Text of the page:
Dick uncurls his fists, wincing slightly, but he smiles despite himself. Babs noticed once, how much he smiles around Artemis. The smile falls completely when he realizes this will be one of the last times she’ll ever make him laugh, maybe for— he cuts himself off and forces himself to say, “Will you ever learn how to make anything edible?”
He knows his voice is too hoarse to be convincing, but Artemis obliges him and laughs. “Probably not.” There’s another noise, and he recognizes the slam of an oven closing. “But seriously, Dick… I can take care of myself.”
“So could Tula. So could Jason. And look where it got them.”
Artemis is silent for a moment, and Dick isn’t sure whether it’s because he gave her food for thought or she’s angry at the comparison.
“They’ll say it’s my fault,” he continues. “I sent you to your death, you were trying to get away from this life and I dragged you back.” She makes a sound of protest and he clenches his teeth and growls, “Don’t deny it. You’re doing so well at Stanford, and you and Wally are happy, and I can’t—I can’t take you away from all that. Artemis… I don’t want to take you away from that.”
“Well, I want it,” she snaps. “You can’t stop me, Dick. I want to do this, and even if you say I can’t, it’s not your choice anymore.”
Her words are harsh, but she’s never been a very good liar. At least not to him. He knows she’s doing this to be kind, to make it easier for him by taking the responsibility away from him. He’s torn between being pathetically grateful and being indignantly angry because what if he ordered her to stay?
“You got that?” she asks softly.
He shudders. Breathes in. Out. Repeats. “I don’t have a choice anymore, do I?” He’s only playing along, but maybe at some he’ll begin to believe it. He’s terrified of the same thing happening when he’s playing along with her death instead of simply his choice. But they’re one and the same, aren’t they?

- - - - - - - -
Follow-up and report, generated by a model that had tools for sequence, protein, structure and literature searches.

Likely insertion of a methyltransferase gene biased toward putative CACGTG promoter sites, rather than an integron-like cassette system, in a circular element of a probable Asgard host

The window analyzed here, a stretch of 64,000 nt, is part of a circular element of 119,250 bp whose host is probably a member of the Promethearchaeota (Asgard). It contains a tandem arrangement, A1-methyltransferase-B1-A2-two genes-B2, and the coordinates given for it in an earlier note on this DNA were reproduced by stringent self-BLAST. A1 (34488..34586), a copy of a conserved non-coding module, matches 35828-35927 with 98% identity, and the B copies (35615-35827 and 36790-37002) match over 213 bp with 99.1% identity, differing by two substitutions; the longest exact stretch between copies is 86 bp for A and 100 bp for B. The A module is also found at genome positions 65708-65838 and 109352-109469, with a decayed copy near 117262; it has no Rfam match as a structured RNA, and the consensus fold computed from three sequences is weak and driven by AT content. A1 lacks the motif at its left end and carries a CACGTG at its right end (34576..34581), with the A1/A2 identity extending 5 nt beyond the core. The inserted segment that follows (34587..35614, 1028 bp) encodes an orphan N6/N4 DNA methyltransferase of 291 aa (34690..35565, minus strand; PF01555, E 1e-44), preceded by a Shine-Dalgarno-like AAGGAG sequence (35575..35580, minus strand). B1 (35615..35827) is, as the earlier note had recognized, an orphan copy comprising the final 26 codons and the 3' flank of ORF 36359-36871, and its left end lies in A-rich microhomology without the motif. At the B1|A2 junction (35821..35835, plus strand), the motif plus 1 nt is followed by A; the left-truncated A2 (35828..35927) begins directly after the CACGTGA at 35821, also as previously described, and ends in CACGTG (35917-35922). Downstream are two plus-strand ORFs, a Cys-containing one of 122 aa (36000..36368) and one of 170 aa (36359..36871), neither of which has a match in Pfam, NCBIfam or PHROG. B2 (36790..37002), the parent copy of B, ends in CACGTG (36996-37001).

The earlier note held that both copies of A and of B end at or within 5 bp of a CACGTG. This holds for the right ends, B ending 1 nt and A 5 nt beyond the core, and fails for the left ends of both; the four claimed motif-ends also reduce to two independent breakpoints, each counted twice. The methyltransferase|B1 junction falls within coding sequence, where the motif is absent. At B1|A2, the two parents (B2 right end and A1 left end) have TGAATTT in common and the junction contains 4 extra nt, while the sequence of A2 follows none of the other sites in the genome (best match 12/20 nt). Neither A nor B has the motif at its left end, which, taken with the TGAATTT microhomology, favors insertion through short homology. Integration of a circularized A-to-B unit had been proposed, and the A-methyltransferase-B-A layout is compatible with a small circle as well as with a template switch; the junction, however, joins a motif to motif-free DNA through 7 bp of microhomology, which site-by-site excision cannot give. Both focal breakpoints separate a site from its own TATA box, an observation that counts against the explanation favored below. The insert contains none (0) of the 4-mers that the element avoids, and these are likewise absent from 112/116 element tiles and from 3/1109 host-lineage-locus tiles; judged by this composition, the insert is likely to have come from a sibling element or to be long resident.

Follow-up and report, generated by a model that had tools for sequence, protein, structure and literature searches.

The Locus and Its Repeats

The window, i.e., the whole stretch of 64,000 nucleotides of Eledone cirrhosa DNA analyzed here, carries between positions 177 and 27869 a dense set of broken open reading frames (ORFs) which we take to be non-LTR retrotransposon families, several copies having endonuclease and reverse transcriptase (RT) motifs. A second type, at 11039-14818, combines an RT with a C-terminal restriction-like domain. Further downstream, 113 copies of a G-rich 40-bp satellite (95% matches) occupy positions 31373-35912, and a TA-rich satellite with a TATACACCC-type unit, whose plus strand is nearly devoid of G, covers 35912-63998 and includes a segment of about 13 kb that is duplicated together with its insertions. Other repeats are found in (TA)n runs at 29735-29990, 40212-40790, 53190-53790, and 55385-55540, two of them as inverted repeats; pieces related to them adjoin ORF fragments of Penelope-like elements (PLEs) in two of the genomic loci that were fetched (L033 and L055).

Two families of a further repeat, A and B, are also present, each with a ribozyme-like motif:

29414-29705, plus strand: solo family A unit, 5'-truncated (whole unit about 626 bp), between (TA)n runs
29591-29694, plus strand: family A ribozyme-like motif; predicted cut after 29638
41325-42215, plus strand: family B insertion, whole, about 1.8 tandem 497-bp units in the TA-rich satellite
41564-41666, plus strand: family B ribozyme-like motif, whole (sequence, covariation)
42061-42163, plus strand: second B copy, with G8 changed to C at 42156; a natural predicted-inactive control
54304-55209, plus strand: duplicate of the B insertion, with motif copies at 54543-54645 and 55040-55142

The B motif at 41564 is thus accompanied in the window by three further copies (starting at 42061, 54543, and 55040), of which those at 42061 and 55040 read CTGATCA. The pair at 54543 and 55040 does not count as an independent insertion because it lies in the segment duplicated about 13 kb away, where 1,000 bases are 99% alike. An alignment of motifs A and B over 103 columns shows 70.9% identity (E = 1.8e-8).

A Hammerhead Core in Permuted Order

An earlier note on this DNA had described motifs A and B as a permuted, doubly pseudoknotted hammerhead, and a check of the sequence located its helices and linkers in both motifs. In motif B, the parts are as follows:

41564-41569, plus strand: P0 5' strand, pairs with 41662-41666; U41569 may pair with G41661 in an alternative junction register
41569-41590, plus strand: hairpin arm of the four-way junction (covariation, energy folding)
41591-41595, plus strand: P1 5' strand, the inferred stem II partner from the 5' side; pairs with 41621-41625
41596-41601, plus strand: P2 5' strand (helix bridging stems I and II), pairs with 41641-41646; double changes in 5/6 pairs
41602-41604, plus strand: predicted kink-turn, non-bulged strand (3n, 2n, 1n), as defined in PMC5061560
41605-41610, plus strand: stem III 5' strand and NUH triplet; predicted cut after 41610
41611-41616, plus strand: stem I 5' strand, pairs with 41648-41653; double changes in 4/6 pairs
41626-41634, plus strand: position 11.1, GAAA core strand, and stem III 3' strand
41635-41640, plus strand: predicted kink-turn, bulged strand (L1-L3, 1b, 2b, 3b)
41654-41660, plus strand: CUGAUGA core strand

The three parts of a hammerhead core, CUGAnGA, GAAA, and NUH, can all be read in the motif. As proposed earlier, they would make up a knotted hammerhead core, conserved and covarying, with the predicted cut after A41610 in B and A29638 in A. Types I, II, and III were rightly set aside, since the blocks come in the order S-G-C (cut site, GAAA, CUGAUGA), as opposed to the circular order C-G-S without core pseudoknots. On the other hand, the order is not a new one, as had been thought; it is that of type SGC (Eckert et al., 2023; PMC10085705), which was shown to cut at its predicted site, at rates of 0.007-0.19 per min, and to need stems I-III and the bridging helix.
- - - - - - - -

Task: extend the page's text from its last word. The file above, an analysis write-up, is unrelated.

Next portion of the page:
“Nope. No choice.”
“I’ll miss you,” he blurts, and it sounds almost platonic.
She grins. He can hear it in her voice. “I’ll be back.”
The stone lodged in his throat makes it hard to answer, “You will.”
There’s the click of something—a door. The sound of crickets floods his ears, and for a long time there’s nothing else. Just the sound of Artemis’s breaths, and he matches his own to hers in an attempt to keep his stomach still. The amulet’s shape must be imprinted in his palm, deceivingly innocent in its warmth.
He wonders if she’s leaning against her porch, looking at the same moon he can see through his window. He sometimes wants to voice these silly thoughts of his, but she’s never been much of a romantic. She’d probably just laugh at him. Despite the queasiness, he feels his body finally relaxing into the haze that usually precedes sleep and his eyes slip shut when she suddenly says, “Dick, this time you’ve got to get traught. For me, for Kaldur, for Wally.”
He blinks and mumbles, “Yeah.”
“You’ll take care of him?”
Dick chuckles sleepily. “As much as he’ll let me.”
“…Thanks.” There’s the gust of an exhale, then, “Get some sleep, you sound exhausted.”
“Yeah… yeah, I will.” He won’t say ‘see you tomorrow’, but he can say, “Thanks, ‘Mis.”
He imagines her smile, the small one that shines brighter the darker it is around her, as she whispers, “…Night.”
He didn’t realize how much the lines between reality and pretend could blur. The first few times he told the story to the team, to the League—it was just following the plan. Making sure all the pieces fit and their cover story was sold. But when Conner pounds the table, forming a crack along its middle, and growls, “How could Kaldur do this?” Dick has no response that will not demonize Kaldur or go against their cover. This is no longer by the book, this is no longer a plan that he has memorized by rote. It feels as if he’s permanently wearing a mask of sorrow and it weighs him down more than he’d imagined, sapping the life from the muscles of his face until smiling is a chore instead of a natural reflex. No one understands, though. They just pat his back sympathetically and murmur, “She was a good person,” and Dick wants to scream, “She is!”